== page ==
What assets do I need to promote my indie game?


As you plan a launch campaign for your game, certain marketing materials–or assets–are common within the marketing and PR space for a successful launch. Journalists use these assets to populate features and reviews, and consumers look to them for further insight into your title before purchasing. These assets bolster your game and your brand’s media presence, maximizing your coverage potential with simple steps.

Create a Media Kit

A term to familiarize yourself with is media kit. All studio websites will feature this media kit–sometimes called a press kit–for journalists and content creators to reference when publishing materials related to your project. A media kit is a collection of videos, images, and written descriptions that best represent your game; among these assets may be in-game screenshots, trailers, concept art, and a one-page summary of your game and studio. A media kit is crucial for coverage. Journalists and other creators rely on developers to provide additional content for their posts; banner images at the top of an article, for example, come from a media kit. Games have a significantly higher chance of earning coverage if they include a trailer with their asset materials, so creating a solid trailer is paramount. Press kits are commonly found on a studio’s website; when running a PR campaign for your game, these assets are attached to press releases, offering journalists all of the materials they need in one place to cover your game. 

Optimize Your Store Pages

While your media kit gives creators a snapshot of your game, your store pages offer more detailed insight into your project. Whether on PC marketplaces (Steam, itch.io, Epic), mobile stores (iOS and Android), or console shops (Nintendo, Xbox, PlayStation), your landing page should be concise and highlight the most important aspects of your game. We’ve already covered the essentials to nailing your Steam page, but here are the basics:

  • Select simple capsule art to draw a viewer’s attention without overwhelming them; if your game has multiple characters, select one to showcase in your key art. Keeping text to a minimum means more focus on the art and the title, which should be legible from Steam’s search bar. Rotating these capsule images also secures new clicks from those who didn’t resonate with the previous key image.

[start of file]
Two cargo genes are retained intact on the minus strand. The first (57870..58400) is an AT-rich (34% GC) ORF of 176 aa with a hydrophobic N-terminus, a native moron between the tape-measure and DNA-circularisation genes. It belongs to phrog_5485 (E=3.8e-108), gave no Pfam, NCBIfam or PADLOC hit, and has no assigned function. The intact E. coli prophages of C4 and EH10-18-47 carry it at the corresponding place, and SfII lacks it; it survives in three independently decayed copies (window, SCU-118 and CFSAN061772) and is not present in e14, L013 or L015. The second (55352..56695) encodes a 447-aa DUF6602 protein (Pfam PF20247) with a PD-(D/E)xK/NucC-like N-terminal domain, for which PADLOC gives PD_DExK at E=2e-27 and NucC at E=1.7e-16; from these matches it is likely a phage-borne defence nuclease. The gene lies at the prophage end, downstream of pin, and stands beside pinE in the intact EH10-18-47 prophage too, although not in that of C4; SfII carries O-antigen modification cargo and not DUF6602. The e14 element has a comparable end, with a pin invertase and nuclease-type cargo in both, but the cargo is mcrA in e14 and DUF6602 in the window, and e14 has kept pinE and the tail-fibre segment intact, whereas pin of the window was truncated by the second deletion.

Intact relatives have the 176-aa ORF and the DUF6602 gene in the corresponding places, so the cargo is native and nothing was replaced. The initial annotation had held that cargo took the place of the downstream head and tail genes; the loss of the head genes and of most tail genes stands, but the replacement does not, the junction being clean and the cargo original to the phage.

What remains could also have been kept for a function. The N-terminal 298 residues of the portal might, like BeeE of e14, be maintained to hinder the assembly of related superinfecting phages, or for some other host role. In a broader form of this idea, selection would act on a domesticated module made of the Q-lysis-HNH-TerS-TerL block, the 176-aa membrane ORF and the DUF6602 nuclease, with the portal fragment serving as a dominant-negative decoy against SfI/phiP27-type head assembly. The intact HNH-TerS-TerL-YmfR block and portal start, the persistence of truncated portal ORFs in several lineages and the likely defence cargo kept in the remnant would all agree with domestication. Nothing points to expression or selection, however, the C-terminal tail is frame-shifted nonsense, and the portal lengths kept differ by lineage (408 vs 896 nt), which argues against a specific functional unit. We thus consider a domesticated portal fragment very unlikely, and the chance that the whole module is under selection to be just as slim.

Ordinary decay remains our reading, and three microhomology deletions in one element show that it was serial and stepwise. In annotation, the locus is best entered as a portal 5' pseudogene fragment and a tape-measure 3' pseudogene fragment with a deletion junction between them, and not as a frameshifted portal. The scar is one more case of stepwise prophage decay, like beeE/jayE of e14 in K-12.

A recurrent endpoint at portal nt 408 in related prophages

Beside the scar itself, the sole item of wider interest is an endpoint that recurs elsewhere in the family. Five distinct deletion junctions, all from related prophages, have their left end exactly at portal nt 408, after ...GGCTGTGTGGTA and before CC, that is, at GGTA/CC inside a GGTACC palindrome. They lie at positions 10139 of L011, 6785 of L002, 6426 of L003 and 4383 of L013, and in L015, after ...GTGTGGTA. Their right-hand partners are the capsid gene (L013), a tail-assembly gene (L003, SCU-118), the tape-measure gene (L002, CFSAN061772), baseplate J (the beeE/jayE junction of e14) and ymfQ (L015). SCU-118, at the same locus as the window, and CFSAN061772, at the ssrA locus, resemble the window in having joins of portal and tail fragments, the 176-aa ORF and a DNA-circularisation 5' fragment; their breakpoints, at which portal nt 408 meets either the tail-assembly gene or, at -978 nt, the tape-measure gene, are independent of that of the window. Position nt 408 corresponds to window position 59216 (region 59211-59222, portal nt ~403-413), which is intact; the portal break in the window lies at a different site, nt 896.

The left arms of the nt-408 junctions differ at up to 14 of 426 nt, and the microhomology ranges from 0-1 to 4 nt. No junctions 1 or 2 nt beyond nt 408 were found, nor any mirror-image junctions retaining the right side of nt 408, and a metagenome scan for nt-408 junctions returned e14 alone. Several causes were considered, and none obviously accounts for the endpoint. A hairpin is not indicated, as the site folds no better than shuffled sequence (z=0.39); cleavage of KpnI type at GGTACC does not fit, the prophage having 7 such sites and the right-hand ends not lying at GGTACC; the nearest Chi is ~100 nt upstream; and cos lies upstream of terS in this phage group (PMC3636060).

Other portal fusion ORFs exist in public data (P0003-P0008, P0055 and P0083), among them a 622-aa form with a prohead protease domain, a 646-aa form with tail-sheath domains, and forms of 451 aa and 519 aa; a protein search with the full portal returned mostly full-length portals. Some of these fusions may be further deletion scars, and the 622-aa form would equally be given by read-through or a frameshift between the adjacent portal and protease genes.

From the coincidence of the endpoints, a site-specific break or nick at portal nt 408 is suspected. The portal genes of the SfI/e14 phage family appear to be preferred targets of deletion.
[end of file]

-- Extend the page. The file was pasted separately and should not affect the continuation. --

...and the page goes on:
• Swap screenshots for GIFs to draw attention to the details of your game.
  • When summarizing your game, match your language with the game’s tone. A horror title should leave viewers feeling curious and uneasy, while a roguelike should reflect the high-octane pace of the genre.


While each platform has its format for these store pages, the bare bones remain the same. Nail your tone, include engaging art, and keep text to a minimum. If wishlist or download numbers are low, try changing your art and revising your language until you find a combination that lands with consumers.

Build Your Brand

Social media pages are another great asset for supporting your game. Whether these pages are dedicated to your game or the studio itself, keeping them populated with development updates and notes for the community will expand your reach. Twitter is the most popular platform for game developers, consumers, and journalists, and it’s relatively easy to maintain compared to other platforms. Interacting with other independent artists and game journalists is also a great networking opportunity and puts you on the industry’s radar. Beyond social media, keeping an updated website lets you store all of your assets–media kit, page links, social media handles–in one place. Press kits warrant their own tab, while the landing page briefly summarizes your game, your best assets, and storefront links. An “About” tab is also beneficial, giving visitors insight into your studio, inspiration, and previous experience. 

Ensuring you have assets for your game is a relatively straightforward task with great benefits. Having a great trailer that draws the attention of a prominent news site or concept art that inspires an interview with the artist positively impacts your game’s reach and strengthens your brand’s professional reputation. No two asset folders are the same, and deciding which tone, images, and footage best represents your game can be difficult when you’ve spent so much time on a project. If you need a fresh set of eyes, message us, and we’ll be happy to take your launch campaign to the next level.


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